Measuring Instagram reach
Now, before proceeding it is worth specifying exactly what we mean by Instagram reach. At this time, Instagram does not provide analytics nor offer data to other services on the actual performance on specific content. In other words, “reach” (number of people who see content) is a matter of estimating by applying slightly arbitrary assumptions. Disregarding the fledgling algorithmic/viral features of the Instagram app, an Instagram image is seen by the subset of followers who happen to experience the particular item in their feed, by users who follow one of the hashtags applied, or by users otherwise alerted to the image (e.g., by being mentioned in comments). This makes it difficult enough to estimate reach, but the museum also wanted to eradicate the distinction between “official” and “user-generated” content and so wanted to track—on equal terms—all content related to the museum. To do this, a system was set up (using the ifttt.com service) that collected all Instagram posts that were geotagged at one of the museum’s two physical locations or that applied one of several commonly used hashtags. These images were appended to an online spreadsheet after which doubles (i.e., the same user appearing several times) were deleted. The result is a list of Instagram users posting SMK-related content in a given month (figure 7).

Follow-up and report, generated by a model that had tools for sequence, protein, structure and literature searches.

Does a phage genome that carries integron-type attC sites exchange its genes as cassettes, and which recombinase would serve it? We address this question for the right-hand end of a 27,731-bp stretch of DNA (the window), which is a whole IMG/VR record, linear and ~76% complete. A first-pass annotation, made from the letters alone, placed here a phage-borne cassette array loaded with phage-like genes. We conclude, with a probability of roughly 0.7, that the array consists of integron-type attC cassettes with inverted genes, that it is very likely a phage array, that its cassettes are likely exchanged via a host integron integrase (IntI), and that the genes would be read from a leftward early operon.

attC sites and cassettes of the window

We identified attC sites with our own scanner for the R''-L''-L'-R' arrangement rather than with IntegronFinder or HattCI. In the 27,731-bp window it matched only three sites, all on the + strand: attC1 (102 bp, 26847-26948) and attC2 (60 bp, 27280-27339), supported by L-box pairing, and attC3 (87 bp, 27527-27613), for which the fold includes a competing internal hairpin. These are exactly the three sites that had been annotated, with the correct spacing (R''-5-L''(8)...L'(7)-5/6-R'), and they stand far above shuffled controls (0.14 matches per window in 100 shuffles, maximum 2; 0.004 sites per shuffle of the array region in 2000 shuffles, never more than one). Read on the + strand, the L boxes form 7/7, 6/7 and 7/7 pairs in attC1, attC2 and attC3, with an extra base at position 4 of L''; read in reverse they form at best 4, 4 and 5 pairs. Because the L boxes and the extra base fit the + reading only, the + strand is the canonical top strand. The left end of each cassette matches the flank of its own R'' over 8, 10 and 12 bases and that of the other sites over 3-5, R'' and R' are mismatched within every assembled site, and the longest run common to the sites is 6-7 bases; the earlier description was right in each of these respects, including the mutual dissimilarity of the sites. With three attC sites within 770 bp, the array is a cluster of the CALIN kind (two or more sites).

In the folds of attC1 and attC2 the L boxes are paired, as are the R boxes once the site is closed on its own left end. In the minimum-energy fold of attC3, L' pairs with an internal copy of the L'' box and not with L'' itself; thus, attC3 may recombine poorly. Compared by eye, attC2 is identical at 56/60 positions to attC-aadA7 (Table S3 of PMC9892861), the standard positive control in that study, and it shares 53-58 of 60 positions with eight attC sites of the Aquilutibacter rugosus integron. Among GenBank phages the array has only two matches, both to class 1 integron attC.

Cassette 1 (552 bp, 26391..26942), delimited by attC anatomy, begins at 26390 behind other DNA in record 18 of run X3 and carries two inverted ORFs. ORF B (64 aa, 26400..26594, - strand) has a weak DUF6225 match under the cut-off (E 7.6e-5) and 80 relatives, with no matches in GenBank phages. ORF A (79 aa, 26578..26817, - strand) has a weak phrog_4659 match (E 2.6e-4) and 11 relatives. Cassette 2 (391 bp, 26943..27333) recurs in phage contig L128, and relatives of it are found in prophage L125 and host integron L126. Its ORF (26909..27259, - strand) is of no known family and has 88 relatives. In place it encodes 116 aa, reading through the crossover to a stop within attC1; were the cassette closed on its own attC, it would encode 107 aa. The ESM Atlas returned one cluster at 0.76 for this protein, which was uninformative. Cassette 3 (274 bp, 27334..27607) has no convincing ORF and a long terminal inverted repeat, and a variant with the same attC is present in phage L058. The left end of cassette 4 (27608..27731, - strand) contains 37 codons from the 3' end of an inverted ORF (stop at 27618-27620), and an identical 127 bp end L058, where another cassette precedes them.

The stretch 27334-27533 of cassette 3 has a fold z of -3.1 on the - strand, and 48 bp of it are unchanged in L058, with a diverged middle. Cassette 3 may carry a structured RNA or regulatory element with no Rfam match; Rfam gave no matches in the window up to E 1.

Simply adding together the total number of people who follow all users in the spreadsheet would clearly result in an unrealistically high reach. Followers will overlap and users, on average, are bound to see only a subset of everything in their stream. On the other hand, the system does not capture photos without location or without monitored hashtags, and thus not everything is counted (for instance, Danish pop star Medina posted from the museum to her more than three-hundred-thousand fans without being automatically tracked (http://instagram.com/p/vvYTujy7Eo). In an attempt to accommodate these imprecisions, the team has elected to add all followers together and divide by three (a decision informed by analytics from other platforms). Reach, then, is the total number of followers of trackable users who post SMK-related content divided by three: a somewhat arbitrary number, but one that is directly comparable month by month.